Then there is grocery shopping.  We shop at Metro, which is a Target-esque “little bit of everything” store but smaller, in the El Quinde mall in Cajamarca; the Castope grocery store in Baños, which is tiny compared to a US grocery store; the other Castope near our house, which is the size of a very small gas station convenience store; the Central Market in Cajamarca;  the market in Baños; and sometimes a fruit or vegetable stand on the street.  Why so many stores?  Because none of them has everything we need at any given time.  Castope doesn’t have any decent fish (although yesterday it also didn’t have any chicken) and sometimes no lettuce; we can only find fresh nuts at the Central Market; produce is hit or miss, even at the grocery stores, so sometimes you need to go several places; for two weeks no store had Matt’s favorite soda, Inca Cola Zero; the list goes on.  You cannot assume that because you found an item at one store that you will ever find it there again.    Add the fact that trips to Cajamarca require cab rides and we can only buy what we can carry, and shopping takes a long time.   Not infrequently I go to Castope multiple times a day just to get everything I want (because I know it might not be there tomorrow).  While I try to do most of the shopping while Matt is at work, we usually run some errands after work at least once a week on a day I am volunteering and on the weekends.

Our evenings are pretty boring.  It gets pitch dark by 6:30 pm, which puts us in hibernation mode.  So unless we are invited somewhere or running errands, we are usually home by dark, eat dinner and then work on the computer or watch tv for the evening.  We have yet to find a bar in Baños and vanishing restaurants are the norm. For a week I thought I was losing my mind as I passed this sign, which had me very excited!

Disappearing Bar

The first night at 6:10, Matt and I walked to the place and . . . I couldn’t find it.  We walked around a few blocks while I insisted that I had seen this nice bar (I didn’t have the photo at the time).  The next afternoon, I again attempted to find it with no success.  On the third day it miraculously appeared and I took the photo for proof.  That night, Matt and I again set off, but no bar.  We subsequently did see the door open one weekend afternoon, but  there was no one inside.   I did some internet sleuthing and believe this bar is actually in Cajamarca, so I am not sure why the sign is in a place in Baños.   Many restaurants have no signage and irregular hours so unless you know where you are going and when a place is open, you wander about feeling like a fool!  We found one place that looked very nice and asked the woman who was cleaning when it was open.  9 to 5, Friday through Sunday.  I repeated it twice to make sure we understood and indeed, those are the hours.  So we eat and drink at home for the most part.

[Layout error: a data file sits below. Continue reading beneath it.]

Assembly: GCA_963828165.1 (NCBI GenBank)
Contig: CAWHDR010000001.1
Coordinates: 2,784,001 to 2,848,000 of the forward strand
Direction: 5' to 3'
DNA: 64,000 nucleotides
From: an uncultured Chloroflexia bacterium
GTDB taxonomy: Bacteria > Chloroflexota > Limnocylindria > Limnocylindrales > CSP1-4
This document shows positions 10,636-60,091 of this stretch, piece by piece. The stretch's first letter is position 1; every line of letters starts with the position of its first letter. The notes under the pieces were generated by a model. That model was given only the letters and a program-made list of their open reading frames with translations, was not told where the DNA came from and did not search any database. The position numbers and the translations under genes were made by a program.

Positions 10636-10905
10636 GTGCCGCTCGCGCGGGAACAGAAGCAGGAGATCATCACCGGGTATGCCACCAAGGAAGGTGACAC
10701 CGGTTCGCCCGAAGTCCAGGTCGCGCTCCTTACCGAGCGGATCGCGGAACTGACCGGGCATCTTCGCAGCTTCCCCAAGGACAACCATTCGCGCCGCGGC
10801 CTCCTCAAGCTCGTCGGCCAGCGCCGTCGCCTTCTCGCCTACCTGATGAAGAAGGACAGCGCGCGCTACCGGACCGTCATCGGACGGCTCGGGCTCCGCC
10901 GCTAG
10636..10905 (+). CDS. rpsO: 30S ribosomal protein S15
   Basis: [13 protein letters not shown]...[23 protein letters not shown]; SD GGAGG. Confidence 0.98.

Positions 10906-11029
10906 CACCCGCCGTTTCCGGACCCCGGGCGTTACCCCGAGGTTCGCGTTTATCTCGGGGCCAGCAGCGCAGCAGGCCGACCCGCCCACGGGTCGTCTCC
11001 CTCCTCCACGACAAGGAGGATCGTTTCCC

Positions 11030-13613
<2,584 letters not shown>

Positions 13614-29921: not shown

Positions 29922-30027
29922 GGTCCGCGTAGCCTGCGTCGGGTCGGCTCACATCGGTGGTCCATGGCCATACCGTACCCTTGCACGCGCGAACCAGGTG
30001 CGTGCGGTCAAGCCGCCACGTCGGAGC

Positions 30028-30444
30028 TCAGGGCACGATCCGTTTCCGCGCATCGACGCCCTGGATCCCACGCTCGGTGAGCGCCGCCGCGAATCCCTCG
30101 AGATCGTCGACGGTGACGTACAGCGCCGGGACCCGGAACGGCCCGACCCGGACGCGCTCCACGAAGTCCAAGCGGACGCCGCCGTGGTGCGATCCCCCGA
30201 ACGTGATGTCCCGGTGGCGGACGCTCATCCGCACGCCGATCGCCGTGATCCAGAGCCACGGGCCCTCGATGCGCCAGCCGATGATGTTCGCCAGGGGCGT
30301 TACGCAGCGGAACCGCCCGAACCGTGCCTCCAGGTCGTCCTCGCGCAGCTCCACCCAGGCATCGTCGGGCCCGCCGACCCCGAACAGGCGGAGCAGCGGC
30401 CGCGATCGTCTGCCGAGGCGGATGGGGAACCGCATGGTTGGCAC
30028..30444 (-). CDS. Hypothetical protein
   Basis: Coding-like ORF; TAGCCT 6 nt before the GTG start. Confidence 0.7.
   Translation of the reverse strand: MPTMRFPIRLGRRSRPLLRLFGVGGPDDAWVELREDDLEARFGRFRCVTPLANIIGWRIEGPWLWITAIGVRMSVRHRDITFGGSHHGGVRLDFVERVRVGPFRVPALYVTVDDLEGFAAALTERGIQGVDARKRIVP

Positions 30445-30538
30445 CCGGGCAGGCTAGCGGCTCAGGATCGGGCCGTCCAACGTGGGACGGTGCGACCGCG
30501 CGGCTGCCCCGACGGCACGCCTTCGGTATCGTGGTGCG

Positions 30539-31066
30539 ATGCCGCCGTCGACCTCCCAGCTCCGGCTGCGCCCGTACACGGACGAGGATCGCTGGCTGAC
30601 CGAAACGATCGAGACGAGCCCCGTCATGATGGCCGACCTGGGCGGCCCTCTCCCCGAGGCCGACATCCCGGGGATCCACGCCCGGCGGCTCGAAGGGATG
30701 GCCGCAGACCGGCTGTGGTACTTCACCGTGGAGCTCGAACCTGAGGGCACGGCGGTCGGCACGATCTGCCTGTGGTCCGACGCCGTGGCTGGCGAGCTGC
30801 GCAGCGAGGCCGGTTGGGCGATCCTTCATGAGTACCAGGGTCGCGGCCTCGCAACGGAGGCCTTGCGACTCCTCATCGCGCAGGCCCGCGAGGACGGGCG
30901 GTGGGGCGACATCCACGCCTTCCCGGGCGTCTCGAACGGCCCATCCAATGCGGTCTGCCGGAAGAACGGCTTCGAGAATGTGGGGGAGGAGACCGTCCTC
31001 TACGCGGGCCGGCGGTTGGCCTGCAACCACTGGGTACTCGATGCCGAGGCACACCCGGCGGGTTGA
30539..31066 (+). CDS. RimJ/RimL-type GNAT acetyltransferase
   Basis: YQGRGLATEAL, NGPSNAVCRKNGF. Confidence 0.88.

Weekends have had no set pattern.  We were in Lima last weekend (stay tuned for that post) and Matt is off this Friday so we plan to do a long walk or excursion at least one of the days and likely will run some errands.  A gardener from school is coming over to cut our grass (we think by hand with a clippers) and trim our bougainvillea (which requires him to climb out our second story window and perch on the porch roof) at 2:00 on Saturday so we will need to be home all afternoon while he is here.  And who knows – maybe the plumber will show up!

Picnic with Peruvians

I was invited by a teacher at Matt´s school to go on an outing last Sunday. As she graciously insisted on collecting me at our house despite needing to take a bus to do so, Matt and I prepared an American bacon and eggs breakfast for Maribel and her 15-year-old daughter Nicole before we headed out. I ended up on a fantastic group outing to Cumbe Mayo, an archeological site about 30 minutes outside of Cajamarca. I did my research on Cumbe Mayo after I returned home and learned that it was a pre-Incan aqueduct built in approximately 1500 BC. Almost more impressive than the ancient feat of engineering is the natural beauty of volcanic rock formations referred to as “the Stone Monks.” The site also has petroglyphs, but I didn’t know to look for any on this visit. Next time!

First Glimpse

Upon leaving our house, my adventure started with my first bus ride in Peru. Buses are really oversized vans and as we didn’t exactly know how they operate, we were too chicken to try one. I learned that the fare is 80 soles anywhere on the route and you pay when you get off. Because the bus was traveling too slowly and we were late, we hopped off and jumped into a moto-taxi, another first for me. We arrived at Maribel’s sister’s house (Yodi, short for Yolanda, I think) because we were going with Yodi, her boyfriend Fabi and her 6 year-old-daughter Kiera (pronounced in a Peruvian fashion that I never quite figured out) to meet some friends and head to Cumbe Mayo. We piled in Fabi’s SUV, stopped to pick up Maribel´s 13-year-old son, Kevin (named after the Macaulay Culkin Home Alone character, honest to god), and headed out of town.

Sort of. Despite the fact that Maribel and Yodi are native Cajamarquinas, they gave Fabi, who is from Lima, wrong directions. We were in a large SUV climbing winding, narrow streets to go up and over the hill to get out of town. We cruised around a corner, zoomed down a street, barely missing dogs and pedestrians, and Dead End. Fabi had to back up the SUV and honestly I am not sure we didn’t hit something on the way out. But he was an excellent driver and for all the near misses, I wasn’t fearing for my life. Perhaps I have Tommy to thank for training me as a passenger (if I yelled to slow down, he sped up. He got Mom´s car airborne and “buried the speedometer” on one memorable ride to teach me not to be a back seat driver! Matt should thank him.).